American Brilliant Cut Glass, 1876-1917

by John C. Roesel

3,500 Years of Glass

Glass, that remarkable substance born of sand, alkali and fire, has fascinated and served humankind for more than 3,500 years - ever since some long-forgotten Middle Eastern artisan stumbled upon a way to control its manufacture. From quite beautiful luxury items prized by the pharaohs, glass has evolved into highly sophisticated functional uses deeply imbedded in the fabric of our twentieth century civilization. One doesn't have to look beyond the confines of his own household to realize the vast variety of ways that glass serves everyday needs.

Glass used decoratively can take many forms. It can be made opaque or transparent, clear or colored, brittle or soft, durable or fragile. It can be molded or blown, cut, engraved, enameled or painted. In the hands of an artist, it becomes a medium that permits an almost limitless variety of techniques in the quest for a finished object of great beauty.

"Cut Glass" Defined

Let's single out only one decorative technique, explore its demands and scope, and perhaps learn to admire and appreciate the end product. Let's limit our attention to "cut glass", which must be carefully defined. "Cut glass" is glass that has been decorated entirely by hand by use of rotating wheels. Cuts are made in an otherwise completely smooth surface of the glass by artisans holding and moving the piece against various sized metal or stone wheels, to produce a predetermined pleasing pattern. Cutting may be combined with other decorative techniques, but "cut glass" usually refers to a glass object that has been decorated entirely by cutting.

Cut glass can be traced to 1,500 B.C in Egypt, where vessels of varying sizes were decorated by cuts made by what is believed to have been metal drills. Artifacts dating to the sixth century B.C. indicate that the Romans, Assyrians and Babylonians all had mastered the art of decoration by cutting. Ever so slowly glass cutting moved to Constantinople, thence to Venice, and by the end of the sixteenth century, to Prague. Apparently the art did not spread to the British Isles until the early part of the eighteenth century.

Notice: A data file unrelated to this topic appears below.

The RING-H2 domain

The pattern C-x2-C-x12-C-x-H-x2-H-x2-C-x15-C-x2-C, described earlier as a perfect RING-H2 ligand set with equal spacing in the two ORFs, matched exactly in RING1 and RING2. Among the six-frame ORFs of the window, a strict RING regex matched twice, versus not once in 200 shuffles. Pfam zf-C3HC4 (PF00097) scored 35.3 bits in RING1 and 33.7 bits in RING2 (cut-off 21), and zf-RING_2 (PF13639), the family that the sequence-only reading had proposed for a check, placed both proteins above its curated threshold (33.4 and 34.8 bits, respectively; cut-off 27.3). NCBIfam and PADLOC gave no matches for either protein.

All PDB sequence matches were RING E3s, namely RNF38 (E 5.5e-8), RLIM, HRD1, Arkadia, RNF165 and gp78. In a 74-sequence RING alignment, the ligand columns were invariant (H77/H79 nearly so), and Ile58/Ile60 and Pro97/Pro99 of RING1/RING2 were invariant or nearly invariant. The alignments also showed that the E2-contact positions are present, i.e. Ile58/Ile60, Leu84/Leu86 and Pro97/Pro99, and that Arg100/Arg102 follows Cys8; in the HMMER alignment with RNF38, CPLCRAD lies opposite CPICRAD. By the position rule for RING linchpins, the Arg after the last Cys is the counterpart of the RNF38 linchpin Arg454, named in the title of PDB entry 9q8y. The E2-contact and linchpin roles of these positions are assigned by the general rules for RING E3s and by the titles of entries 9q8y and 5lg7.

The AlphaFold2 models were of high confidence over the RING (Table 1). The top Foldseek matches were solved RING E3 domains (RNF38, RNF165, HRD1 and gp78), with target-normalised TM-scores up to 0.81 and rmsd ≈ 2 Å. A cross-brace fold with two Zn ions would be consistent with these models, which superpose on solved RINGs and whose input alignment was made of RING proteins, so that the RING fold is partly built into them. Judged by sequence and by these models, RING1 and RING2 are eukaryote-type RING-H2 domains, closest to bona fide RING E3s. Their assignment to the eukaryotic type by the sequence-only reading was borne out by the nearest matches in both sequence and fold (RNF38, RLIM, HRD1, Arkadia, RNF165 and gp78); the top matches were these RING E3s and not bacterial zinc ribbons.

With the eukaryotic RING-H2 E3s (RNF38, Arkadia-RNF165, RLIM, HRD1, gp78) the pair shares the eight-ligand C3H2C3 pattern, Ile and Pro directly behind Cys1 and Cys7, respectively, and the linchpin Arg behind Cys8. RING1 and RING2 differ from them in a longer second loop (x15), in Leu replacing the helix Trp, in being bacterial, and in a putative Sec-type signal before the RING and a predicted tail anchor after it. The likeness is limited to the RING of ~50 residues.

Early Cut Glass in America

Although glass making was the first industry to be established in America at Jamestown, Virginia in 1608, no glass is known to have been cut in the New World until at least 160 years later. Henry William Stiegel, an immigrant from Cologne, Germany, founded the American Flint Glass Manufactory in Manheim, Pennsylvania, and it was there in about 1771 that the first cut glass was produced in America.

For the next sixty years the "Early Period" of American cut glass, our wares were virtually indistinguishable from English, Irish and continental patterns, and little wonder, for most of the cutters originally came to this new country from Europe. About 1830 which historians label the beginning of the "Middle Period" American ingenuity and originality began to influence the industry, and a national style began to develop. This came into full flower about the time our country was preparing to celebrate her hundredth birthday and what is now termed the "Brilliant Period" began. From about 1876 until the advent of World War 1, American cut glass craftsmen excelled all others worldwide, and produced examples of the cut glass art that may never again be equaled.

Forces of Change

Several exciting events dramatically improved American's cut glass industry, and brought about a superiority that won world acclaim. Near the beginning of the Brilliant Period, deposits of high grade silica were discovered in this country, leading to glass-making formulas vastly better than those used in Europe. Almost simultaneously, natural gas replaced coal-fired furnaces, with resultant better controls of the glass-making process and electricity brought about replacement of clumsy steam-driven cutting wheels.

At the same time, many of Europe's finest glass makers and cutters were immigrating to this country to seek their fortunes, and they found ready markets for their talents when America moved into a very prosperous era in the closing quarter of the 19th century. Cut glass became a symbol of elegance and leisure, and demand for beautiful glass products spurred intense competition and creativity within the industry.

Brilliant Period Events